Now it's time to celebrate your marriage and party! Typically, your wedding reception with include various events that you'll want photographed - wedding party introductions, first dances, toasts, cake cutting, and those fun dance photos of guests whooping it up on the dance floor.
Photographer's Perspective: When creating your wedding day timeline, don't forget to include 20-30 minutes in your reception for your "sneak away" mini-session. This is the time we go outside to capture some of those dramatic night images!
how much time should you dedicate to each part of the wedding day?
Now that we've identified the different parts of a wedding day, it's time to look at how much time is needed to photograph them. When creating your wedding day timeline, we will generally look at it form the ladies perspective because this is the most involved.
On average, each bridesmaid will take 1 1/2 hours for hair and makeup. The bride should allocate up to a total of 3 hours just in case you're hair is being difficult or something doesn't go as planned. If you have one person doing hair and makeup, you want to allocate another 15 minutes per person.
Hair and makeup is probably the number one reason why weddings run late. Most couples don't allow enough time for this part of the day. If this part of the day runs late, it creates a snowball effect on the rest of the day. You'd be much better off having an extra 1/2 hour to relax than running around in panic mode.
It's not necessary to have your photographer camped out at your bedside taking photos the second you open your eyes, unless this part of the day is super important to you. Otherwise, I would recommend your photographer arrives early enough to capture some photos of hair and makeup (especially the bride), details (dress, rings, shoes, etc.), post-ceremony first look (if applicable), and bridal portraits. This will likely require between 2-3 depending on your specific timeline.
The First Look
If you elect to have a traditional first look at the ceremony, it's not going to impact your photography time because the moment is going to happen regardless. However, let's assume you want a pre-ceremony first look. First, I can't stress the importance of strictly limiting the number of people present during your first look. I would try to limit it to you and your partner, but if parents insist on observing by all means let them. The more people that are present, the more distractions it will create and ultimately, it will take away from this special moment.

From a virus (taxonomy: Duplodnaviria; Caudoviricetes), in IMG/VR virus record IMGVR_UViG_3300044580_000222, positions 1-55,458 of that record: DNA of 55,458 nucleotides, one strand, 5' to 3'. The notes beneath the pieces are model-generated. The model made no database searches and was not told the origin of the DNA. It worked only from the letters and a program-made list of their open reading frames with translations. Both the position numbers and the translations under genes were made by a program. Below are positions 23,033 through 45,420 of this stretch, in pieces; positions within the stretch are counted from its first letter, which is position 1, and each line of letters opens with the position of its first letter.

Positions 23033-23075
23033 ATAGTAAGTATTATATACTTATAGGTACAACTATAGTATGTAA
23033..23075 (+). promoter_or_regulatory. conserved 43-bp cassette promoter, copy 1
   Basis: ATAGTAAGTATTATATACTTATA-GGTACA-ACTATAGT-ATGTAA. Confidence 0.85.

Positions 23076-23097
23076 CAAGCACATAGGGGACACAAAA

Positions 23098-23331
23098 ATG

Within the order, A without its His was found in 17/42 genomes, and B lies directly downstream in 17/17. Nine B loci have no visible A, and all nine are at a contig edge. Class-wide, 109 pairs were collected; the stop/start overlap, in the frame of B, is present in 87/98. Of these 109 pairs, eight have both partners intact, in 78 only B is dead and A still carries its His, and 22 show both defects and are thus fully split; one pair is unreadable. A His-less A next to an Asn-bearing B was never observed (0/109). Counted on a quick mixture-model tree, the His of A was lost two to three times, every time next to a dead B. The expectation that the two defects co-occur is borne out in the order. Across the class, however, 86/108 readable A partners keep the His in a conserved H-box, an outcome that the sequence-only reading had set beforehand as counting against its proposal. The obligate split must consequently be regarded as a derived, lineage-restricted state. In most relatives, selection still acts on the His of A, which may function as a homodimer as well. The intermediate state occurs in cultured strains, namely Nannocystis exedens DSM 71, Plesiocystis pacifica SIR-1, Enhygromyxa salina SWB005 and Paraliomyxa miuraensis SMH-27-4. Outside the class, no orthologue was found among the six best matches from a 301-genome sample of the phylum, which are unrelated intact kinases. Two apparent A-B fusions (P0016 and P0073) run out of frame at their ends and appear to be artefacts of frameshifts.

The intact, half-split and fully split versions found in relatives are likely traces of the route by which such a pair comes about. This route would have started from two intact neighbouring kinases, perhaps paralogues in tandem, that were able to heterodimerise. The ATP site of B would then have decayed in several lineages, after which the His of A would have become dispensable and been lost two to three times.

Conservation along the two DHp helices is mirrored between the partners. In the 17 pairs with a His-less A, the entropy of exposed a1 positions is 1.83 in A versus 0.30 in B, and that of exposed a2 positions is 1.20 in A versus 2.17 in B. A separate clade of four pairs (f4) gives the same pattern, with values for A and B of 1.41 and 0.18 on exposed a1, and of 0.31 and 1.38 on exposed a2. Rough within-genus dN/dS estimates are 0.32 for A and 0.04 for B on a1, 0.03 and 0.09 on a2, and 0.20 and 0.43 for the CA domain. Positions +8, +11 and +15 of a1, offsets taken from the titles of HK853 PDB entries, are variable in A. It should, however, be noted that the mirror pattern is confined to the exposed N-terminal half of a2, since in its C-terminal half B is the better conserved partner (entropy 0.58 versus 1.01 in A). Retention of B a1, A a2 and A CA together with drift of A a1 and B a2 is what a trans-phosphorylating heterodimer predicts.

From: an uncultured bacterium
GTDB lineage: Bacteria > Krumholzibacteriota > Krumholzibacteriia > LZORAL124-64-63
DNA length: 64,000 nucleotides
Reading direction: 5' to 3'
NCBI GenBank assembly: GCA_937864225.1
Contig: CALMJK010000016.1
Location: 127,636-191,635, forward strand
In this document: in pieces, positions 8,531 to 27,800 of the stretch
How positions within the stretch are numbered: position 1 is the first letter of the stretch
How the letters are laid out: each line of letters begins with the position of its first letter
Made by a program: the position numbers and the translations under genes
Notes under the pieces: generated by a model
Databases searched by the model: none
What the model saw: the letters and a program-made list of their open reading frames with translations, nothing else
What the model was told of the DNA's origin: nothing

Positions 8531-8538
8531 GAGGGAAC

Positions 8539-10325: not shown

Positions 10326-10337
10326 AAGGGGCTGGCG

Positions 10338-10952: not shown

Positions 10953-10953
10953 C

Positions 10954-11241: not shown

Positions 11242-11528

I would recommend allocating 30 minutes for your first look. This allows 5-10 minutes for the actual first look, 15 minutes for a few photos following, and another 5 minutes of downtime so you and your partner can breathe for a second.
Following the first look, the bridal party and family photos can be taken. I would allocate another 1 - 1 1/2 hours for these images depending on the size of your families and wedding party. Each photograph for these groups will take between 2-3 minutes per photo. This allows time to arrange the people in the photographs and capture the photo.
The time needed to photograph this part of the wedding day, will be based on the desired length of your ceremony. Most couples are opting for shorter (15-20 minutes) ceremonies; therefore, I would recommend allocating time for your ceremony plus 10-15 additional minutes in case your officiant is running late or an unexpected issue arises.
Whether or not you have a pre-ceremony first look will determine how much time you need for the post-ceremony photographs. If all of the photographs are going to be taken at this time, you will need at least 2 hours of time for photos. However, if you just need a couple more wedding party photos and then photos of you and your partner, you can allocate 1 - 1 1/2 hours of time.
Your reception will be a set amount of time - usually 5 hours. However, like the getting ready part of the day, you don't need to have your photographer there for all 5 hours. You can generally stop coverage 30-60 minutes before your reception end time and capture all of the important moments including images of guests dancing.
adding it all up
Getting Ready: 2-3 hours
First Look: 1 1/2 - 2 hours
Ceremony: 1/2 hour
Post-Ceremony: 1-3 hours (depending on when you have your first look)
Reception: 4-5 hours
TOTAL TIME: 8 - 12 HOURS
what other factors influence the time you'll need for wedding photography?
As we just discovered, it's going to generally take between 9-12 hours to photograph a wedding. However, there are some other factors that can influence the amount of time you'll need as well.
- How big is your wedding party?
- How large are your families?
- How many locations will be required for photos? (i.e. is ceremony at church or reception site?)
- Do you need to allocate time for driving? (ceremony site to reception site?)
Obviously, the size of your wedding party and families will significantly impact how much time is needed to complete the photos. The time frames provided in this article account for the "average" wedding party size (3 bridal party members for each side) and average sized families (parents, 1-2 siblings, and grandparents).